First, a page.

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Security News, Exploits, and Vulnerabilities.

T-Mobile Employee Made Unauthorized ‘SIM Swap’ to Steal Instagram Account

T-Mobile is investigating a retail store employee who allegedly made unauthorized changes to a subscriber’s account in an elaborate scheme to steal the customer’s three-letter Instagram username. The modifications, which could have let the rogue employee empty bank accounts associated with the targeted T-Mobile subscriber, were made even though the victim customer already had taken steps recommended by the mobile carrier to help minimize the risks of account takeover. Here’s what happened, and some tips on how you can protect yourself from a similar fate.

Roaming Mantis dabbles in mining and phishing multilingually

In May, while monitoring Roaming Mantis, aka MoqHao and XLoader, we observed significant changes in their M.O. The group’s activity expanded geographically and they broadened their attack/evasion methods. Their landing pages and malicious apk files now support 27 languages covering Europe and the Middle East.

Tracking Firm LocationSmart Leaked Location Data for Customers of All Major U.S. Mobile Carriers Without Consent in Real Time Via Its Web Site

LocationSmart, a U.S. based company that acts as an aggregator of real-time data about the precise location of mobile phone devices, has been leaking this information to anyone via a buggy component of its Web site — without the need for any password or other form of authentication or authorization — KrebsOnSecurity has learned. The company took the vulnerable service offline early this afternoon after being contacted by KrebsOnSecurity, which verified that it could be used to reveal the location of any AT&T, Sprint, T-Mobile or Verizon phone in the United States to an accuracy of within a few hundred yards.

Detecting Cloned Cards at the ATM, Register

Much of the fraud involving counterfeit credit, ATM debit and retail gift cards relies on the ability of thieves to use cheap, widely available hardware to encode stolen data onto any card’s magnetic stripe. But new research suggests retailers and ATM operators could reliably detect counterfeit cards using a simple technology that flags cards which appear to have been altered by such tools.

IT threat evolution Q1 2018. Statistics

According to KSN, Kaspersky Lab solutions blocked 796,806,112 attacks launched from online resources located in 194 countries across the globe.

IT threat evolution Q1 2018

In January, we uncovered a sophisticated mobile implant Skygofree that provides attackers with remote control of infected Android devices. Network worm OlympicDestroyer attacked on the Olympic infrastructure just before the opening of the games in February.

OPC UA security analysis

This article discusses our project that involved searching for vulnerabilities in implementations of the OPC UA protocol. We hope to draw the attention of vendors that develop software for industrial automation systems and the industrial IoT to problems associated with using such widely available technologies.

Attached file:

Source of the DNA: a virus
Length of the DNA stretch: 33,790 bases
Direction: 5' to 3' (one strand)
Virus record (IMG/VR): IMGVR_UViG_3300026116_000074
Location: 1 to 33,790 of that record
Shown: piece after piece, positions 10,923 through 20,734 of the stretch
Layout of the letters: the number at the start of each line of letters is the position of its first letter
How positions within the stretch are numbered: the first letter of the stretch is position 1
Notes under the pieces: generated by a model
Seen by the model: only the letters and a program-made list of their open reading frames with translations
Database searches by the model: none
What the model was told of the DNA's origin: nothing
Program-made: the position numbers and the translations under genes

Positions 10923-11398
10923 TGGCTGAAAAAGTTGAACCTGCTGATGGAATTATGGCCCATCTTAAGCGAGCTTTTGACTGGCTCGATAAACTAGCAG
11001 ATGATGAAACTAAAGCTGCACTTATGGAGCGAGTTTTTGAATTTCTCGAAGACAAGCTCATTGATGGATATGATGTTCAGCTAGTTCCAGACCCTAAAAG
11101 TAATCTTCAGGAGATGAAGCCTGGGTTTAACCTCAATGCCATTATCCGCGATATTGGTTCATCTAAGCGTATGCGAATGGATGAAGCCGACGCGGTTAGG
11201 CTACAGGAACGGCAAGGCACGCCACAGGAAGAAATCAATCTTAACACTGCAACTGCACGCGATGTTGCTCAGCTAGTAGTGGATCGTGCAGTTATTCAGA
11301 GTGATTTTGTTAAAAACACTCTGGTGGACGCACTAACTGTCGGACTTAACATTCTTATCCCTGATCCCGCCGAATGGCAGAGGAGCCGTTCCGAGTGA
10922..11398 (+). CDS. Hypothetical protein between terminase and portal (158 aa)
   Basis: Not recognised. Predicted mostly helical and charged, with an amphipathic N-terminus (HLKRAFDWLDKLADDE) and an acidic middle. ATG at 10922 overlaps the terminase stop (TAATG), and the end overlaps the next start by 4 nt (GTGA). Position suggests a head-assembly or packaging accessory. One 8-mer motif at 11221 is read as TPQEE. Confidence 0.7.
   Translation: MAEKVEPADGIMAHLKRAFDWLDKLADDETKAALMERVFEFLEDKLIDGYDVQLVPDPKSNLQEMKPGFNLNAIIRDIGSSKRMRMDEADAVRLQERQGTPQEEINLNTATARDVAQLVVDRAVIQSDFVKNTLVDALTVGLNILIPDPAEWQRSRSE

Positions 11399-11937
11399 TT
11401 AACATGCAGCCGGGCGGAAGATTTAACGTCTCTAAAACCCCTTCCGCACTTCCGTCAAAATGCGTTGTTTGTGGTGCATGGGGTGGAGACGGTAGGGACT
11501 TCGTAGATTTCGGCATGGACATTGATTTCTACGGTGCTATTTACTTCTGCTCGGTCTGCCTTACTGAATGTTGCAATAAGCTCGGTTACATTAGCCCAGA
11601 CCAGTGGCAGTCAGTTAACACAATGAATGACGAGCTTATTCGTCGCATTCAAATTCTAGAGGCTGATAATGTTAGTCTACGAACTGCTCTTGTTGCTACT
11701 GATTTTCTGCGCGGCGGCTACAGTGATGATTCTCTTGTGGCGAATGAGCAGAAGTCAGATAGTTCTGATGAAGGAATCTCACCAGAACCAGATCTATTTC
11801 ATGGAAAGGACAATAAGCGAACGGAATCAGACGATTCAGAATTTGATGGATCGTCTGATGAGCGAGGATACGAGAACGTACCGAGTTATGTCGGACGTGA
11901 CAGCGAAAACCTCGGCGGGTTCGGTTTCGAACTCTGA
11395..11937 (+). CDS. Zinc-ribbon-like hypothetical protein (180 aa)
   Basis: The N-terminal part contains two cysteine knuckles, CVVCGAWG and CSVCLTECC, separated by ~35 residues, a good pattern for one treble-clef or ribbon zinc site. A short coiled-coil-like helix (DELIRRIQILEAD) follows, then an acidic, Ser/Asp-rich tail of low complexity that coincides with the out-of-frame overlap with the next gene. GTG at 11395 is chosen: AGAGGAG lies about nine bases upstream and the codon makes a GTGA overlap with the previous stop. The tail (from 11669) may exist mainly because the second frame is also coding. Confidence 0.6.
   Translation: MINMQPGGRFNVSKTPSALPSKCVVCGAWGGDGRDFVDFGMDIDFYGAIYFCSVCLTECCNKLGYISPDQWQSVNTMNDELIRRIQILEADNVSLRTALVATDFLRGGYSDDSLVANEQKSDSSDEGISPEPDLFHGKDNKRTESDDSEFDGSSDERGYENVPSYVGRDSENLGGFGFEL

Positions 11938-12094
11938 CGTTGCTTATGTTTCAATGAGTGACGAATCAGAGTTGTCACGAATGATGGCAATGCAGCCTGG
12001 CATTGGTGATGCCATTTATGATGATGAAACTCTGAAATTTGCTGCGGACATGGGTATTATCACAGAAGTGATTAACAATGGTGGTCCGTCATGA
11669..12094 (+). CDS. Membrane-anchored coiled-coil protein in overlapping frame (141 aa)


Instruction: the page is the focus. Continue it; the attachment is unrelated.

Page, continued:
Think You’ve Got Your Credit Freezes Covered? Think Again.

I spent a few days last week speaking at and attending a conference on responding to identity theft. The forum was held in Florida, one of the major epicenters for identity fraud complaints in United States. One gripe I heard from several presenters was that identity thieves increasingly are finding ways to open new lines of credit for things like mobile phones on people who have already frozen their credit files with the big-three credit bureaus. Here’s a look at what may be going on, and how you can protect yourself.

The King is dead. Long live the King!

In late April 2018, a new zero-day vulnerability for Internet Explorer (IE) was found using our sandbox; more than two years since the last in the wild example (CVE-2016-0189). This particular vulnerability and subsequent exploit are interesting for many reasons.

Microsoft Patch Tuesday, May 2018 Edition

Microsoft today released a bundle of security updates to fix at least 67 holes in its various Windows operating systems and related software, including one dangerous flaw that Microsoft warns is actively being exploited. Meanwhile, as it usually does on Microsoft’s Patch Tuesday — the second Tuesday of each month — Adobe has a new Flash Player update that addresses a single but critical security weakness.

First, the Flash Tuesday update, which brings Flash Player to v. 29.0.0.171. Some (present company included) would argue that Flash Player is in itself “a single but critical security weakness.” Nevertheless, Google Chrome and Internet Explorer/Edge ship with their own versions of Flash, which get updated automatically when new versions of these browsers are made available.

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